According to Law360.com (via MacRumors), Apple has agreed to settle a longstanding lawsuit against it for upwards of $18 million. This is a class action lawsuit filed in California way back in 2017, which originally accused Apple of breaking FaceTime in iOS 6 for iPhone users, all with the plan to make those users upgrade to iOS 7. The reason for the forced upgrade? FaceTime and the fees that Apple was paying to a company called Akamai Technologies.
Here’s the relevant background: When Apple launched FaceTime, it did so with two underlying technologies to make the video call feature connect folks. The first was a peer-to-peer system that created a direct connection between two devices, and a relay method that relied on data servers to make the connection. That latter method relied on the delivery network company Akamai.
Apple ran afoul with the first method because it was found to infringe on patents held by VirnetX back in 2012, and, as a result, forced Apple to rely more heavily on the relay method and Akamai Technology, which means Apple had to start shelling out a lot of money. According to the testimony, Apple was paying upwards of $50 million in fees, which was obviously not something Apple wanted to keep doing.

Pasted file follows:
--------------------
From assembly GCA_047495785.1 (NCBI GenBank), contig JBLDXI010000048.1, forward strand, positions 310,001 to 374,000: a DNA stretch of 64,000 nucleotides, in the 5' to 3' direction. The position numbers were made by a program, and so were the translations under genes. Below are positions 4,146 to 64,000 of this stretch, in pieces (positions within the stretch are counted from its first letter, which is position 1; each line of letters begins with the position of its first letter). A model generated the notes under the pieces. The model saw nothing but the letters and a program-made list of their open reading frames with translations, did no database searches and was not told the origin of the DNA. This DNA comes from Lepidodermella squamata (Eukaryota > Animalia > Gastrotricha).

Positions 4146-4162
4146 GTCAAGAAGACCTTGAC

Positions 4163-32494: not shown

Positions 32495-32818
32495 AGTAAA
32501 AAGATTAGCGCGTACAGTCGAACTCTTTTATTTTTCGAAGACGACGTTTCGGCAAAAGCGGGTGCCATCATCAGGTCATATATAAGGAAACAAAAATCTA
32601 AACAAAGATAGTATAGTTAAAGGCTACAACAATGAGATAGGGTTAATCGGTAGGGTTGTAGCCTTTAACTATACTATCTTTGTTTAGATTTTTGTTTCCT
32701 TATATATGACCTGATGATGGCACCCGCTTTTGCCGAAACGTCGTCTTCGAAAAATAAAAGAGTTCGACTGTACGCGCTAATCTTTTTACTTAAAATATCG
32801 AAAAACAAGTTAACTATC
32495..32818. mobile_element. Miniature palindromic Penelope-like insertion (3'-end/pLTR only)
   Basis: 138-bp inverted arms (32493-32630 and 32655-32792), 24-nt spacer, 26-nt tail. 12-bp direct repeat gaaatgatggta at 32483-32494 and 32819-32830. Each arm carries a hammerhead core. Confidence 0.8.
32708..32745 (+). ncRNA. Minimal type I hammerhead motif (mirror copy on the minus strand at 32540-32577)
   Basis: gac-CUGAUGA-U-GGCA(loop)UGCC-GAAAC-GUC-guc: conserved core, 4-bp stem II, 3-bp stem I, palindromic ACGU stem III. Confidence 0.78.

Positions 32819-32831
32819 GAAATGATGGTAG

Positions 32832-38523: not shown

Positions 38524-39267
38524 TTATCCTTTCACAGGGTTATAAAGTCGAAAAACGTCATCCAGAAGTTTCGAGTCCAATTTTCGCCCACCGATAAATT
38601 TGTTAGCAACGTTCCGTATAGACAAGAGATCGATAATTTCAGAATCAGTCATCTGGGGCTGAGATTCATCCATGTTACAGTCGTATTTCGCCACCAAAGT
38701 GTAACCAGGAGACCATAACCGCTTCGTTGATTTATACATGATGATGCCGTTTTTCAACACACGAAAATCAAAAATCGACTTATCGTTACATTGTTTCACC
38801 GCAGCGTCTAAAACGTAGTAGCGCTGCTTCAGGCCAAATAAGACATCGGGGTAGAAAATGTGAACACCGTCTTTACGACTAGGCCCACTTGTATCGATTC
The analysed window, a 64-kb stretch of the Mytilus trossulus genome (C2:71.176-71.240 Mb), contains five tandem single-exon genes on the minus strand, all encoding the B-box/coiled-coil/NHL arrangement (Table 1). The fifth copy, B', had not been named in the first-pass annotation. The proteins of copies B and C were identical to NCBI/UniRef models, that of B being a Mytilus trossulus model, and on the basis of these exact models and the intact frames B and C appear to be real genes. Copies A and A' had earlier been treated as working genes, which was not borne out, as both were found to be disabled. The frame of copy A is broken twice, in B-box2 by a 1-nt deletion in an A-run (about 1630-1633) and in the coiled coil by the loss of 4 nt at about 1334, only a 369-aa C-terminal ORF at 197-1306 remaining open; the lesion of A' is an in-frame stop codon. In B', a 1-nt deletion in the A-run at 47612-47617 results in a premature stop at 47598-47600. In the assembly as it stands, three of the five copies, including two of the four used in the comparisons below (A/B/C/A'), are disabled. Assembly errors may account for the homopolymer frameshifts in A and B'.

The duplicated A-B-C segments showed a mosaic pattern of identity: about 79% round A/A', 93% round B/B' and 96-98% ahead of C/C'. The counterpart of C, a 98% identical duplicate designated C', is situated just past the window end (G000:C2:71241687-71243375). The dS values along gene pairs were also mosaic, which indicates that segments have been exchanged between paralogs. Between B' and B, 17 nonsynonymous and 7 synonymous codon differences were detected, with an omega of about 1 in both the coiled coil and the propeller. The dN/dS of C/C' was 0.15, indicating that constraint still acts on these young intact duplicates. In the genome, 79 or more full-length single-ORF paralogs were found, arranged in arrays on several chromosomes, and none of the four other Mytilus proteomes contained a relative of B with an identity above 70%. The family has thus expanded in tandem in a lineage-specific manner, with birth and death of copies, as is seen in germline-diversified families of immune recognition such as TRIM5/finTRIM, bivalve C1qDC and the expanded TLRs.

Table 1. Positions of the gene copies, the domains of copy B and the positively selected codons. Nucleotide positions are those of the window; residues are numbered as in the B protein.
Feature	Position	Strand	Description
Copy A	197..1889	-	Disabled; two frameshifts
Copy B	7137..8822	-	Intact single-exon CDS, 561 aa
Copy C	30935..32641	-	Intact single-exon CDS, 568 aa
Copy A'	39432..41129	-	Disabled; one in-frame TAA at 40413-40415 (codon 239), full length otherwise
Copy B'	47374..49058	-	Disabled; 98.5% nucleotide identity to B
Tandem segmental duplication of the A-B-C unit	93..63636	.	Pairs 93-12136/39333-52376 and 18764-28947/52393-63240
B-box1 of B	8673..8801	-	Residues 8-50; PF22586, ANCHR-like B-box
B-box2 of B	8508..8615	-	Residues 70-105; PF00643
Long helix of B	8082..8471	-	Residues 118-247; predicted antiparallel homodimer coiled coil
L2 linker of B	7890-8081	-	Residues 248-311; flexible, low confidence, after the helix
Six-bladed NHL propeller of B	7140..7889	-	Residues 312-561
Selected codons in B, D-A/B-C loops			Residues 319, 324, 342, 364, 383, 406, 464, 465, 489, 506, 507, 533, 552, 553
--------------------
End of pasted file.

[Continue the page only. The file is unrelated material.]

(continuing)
So Apple developed new peer-to-peer technology for FaceTime that made its big debut with iOS 7. So folks who remained on iOS 6 were still using the relay method tied to Akamai Technologies, and, as such, Apple would still be paying fees for those customers. The class action lawsuit originally alleged that Apple created a “fake bug” that caused digital certificates to expire in the middle of April of 2014, which effectively broke FaceTime in iOS 6.
Breaking FaceTime in iOS 6 meant Apple didn’t need to pay the fees, and would get customers to upgrade to the newest version of iOS that did not rely on Akamai’s relay technology for the video calling feature — according to the lawsuit.
Fast forward to today and it appears that Apple has decided to settle the case, and it will pay $18 million to do so. The majority of that amount will be going to paying attorney fees and other expenses. A smaller amount will be doled out to those named in the class action lawsuit.